Knee replacement surgery was first performed in 1968. Since then, improvements in surgical materials and techniques have greatly increased its effectiveness. According to the Agency for Healthcare Research and Quality, more than 600,000 knee replacements are performed each year in the United States.
The knee is the most commonly replaced joint in the body. The knee joint takes the brunt of force with movement, and is prone to injury and especially to arthritis as we age. Often, conservative measures are taken before surgical consideration. The first line of treatment of knee arthritis includes activity modification, anti-inflammatory medication, weight loss and physical therapy. When conservative measures do not relieve the pain then a joint replacement surgery is an option.
I am a firm believer that a little physical therapy before your surgery can go a long ways in making your recovery smoother and speedier. The better physical shape you are in before knee replacement surgery, the better your results will be (especially in the short term).
Before surgery, your physical therapist will teach you exercises and show you how you will walk with assistance after your operation. Your therapist also will discuss precautions and home adaptations, such as removing loose rugs or strategically placing a chair so that you can sit instead of squatting to get something out of a low cabinet. It’s always easier to make these modifications before you have surgery.
If you smoke, quit! That may help improve your healing after surgery. If you are overweight, focus on weight loss prior to surgery. Losing excess body weight may help you recover more quickly, and help improve your function and overall results following surgery.
An important factor in deciding whether to have total knee replacement surgery is understanding what the procedure can and cannot do.
More than 90% of people who have total knee replacement surgery experience a dramatic reduction of knee pain and a significant improvement in the ability to perform common activities of daily living. But total knee replacement will not allow you to do more than you could before you developed arthritis.
With normal use and activity, every knee replacement implant begins to wear in its plastic spacer. Excessive activity or weight may speed up this normal wear and may cause the knee replacement to loosen and become painful. Therefore, most surgeons advise against high-impact activities such as running, jogging, jumping, or other high-impact sports for the rest of your life after surgery.
Realistic activities following total knee replacement include unlimited walking, swimming, golf, light hiking, biking, ballroom dancing, and other low-impact sports. With appropriate activity modification, knee replacements can last for many years.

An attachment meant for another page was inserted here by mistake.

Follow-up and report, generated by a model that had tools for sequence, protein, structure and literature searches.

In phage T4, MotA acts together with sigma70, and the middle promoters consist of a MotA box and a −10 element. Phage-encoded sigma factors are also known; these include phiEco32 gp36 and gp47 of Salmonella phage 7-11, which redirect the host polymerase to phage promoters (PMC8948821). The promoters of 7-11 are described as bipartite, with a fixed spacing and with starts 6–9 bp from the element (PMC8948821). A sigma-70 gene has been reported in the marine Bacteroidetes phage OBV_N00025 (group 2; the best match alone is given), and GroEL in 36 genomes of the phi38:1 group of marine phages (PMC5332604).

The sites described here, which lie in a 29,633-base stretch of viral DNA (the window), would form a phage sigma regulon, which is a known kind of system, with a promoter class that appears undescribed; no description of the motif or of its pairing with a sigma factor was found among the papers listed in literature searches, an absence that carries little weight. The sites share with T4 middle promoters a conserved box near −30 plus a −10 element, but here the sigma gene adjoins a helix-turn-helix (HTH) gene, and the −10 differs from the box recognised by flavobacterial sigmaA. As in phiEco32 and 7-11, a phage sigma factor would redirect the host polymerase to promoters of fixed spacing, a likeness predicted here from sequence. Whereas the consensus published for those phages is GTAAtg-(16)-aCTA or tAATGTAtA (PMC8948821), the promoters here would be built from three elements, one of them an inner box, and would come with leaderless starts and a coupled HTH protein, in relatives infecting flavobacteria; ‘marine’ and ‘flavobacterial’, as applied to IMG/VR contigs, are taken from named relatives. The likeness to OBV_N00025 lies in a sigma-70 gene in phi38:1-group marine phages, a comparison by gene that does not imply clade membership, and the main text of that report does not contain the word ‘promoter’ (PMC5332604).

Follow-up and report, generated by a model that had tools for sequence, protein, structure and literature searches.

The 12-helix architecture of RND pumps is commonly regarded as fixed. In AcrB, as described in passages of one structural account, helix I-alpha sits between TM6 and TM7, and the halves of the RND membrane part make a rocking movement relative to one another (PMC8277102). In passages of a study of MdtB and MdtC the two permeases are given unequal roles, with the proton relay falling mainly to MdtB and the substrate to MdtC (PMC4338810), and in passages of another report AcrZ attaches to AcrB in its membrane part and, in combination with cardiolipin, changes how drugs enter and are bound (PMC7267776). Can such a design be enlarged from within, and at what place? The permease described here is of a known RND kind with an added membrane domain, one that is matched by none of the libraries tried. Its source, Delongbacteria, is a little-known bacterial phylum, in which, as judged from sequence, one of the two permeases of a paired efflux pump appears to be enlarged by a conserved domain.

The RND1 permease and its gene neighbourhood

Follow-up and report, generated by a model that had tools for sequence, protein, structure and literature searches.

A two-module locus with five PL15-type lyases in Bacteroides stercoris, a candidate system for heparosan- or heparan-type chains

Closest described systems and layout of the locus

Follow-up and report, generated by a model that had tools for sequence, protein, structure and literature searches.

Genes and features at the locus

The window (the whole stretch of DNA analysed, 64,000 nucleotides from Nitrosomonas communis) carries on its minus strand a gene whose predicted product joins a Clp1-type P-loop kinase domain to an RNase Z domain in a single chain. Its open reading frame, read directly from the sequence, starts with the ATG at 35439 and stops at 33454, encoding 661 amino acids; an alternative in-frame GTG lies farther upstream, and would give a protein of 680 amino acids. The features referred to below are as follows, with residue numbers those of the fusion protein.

Currently, more than 90% of modern total knee replacements are still functioning well 15 years after the surgery. Following the directions of your orthopedic surgeon and physical therapist are important and will contribute to the final success of your surgery.
filed under: Physical Therapy
Posted March 25, 2015 by Fit PT
A popular television commercial shows an elderly woman who has fallen on the ground and cry’s out: “Help, I’ve fallen and can’t get up!”.
In physical therapy we see the consequences of those falls. Broken bones, head injuries and bad bumps and bruises are some of the effects of falling. These patients come to our clinic after they have fallen, but I always feel disappointed because often the fall could have been prevented with appropriate fall prevention and awareness.
Falls can diminish your ability to lead an active and independent life. Statistics show that about one third of people over the age of 65 and almost half of people over the age of 80 will fall at least once this year. The fact is most people over the age of 65 are at some sort of fall risk and should have it addressed.
There can be many reasons someone falls, but there are certain risk factors that can significantly increase the chance you will take a tumble. These reasons include:
Fortunately, there is help available and often requires a team approach between a physical therapist trained in balance and vestibular problems, an audiologist trained in specific balance testing, and your medical doctor. A good exam will take an in-depth look at your medical history, home environment, strength and mobility and will use specialized balanced and testing equipment to pin point the specific causes of your balance problems.
Based on the evaluation results, your physical therapist will design an exercise and training program to improve your balance and strength.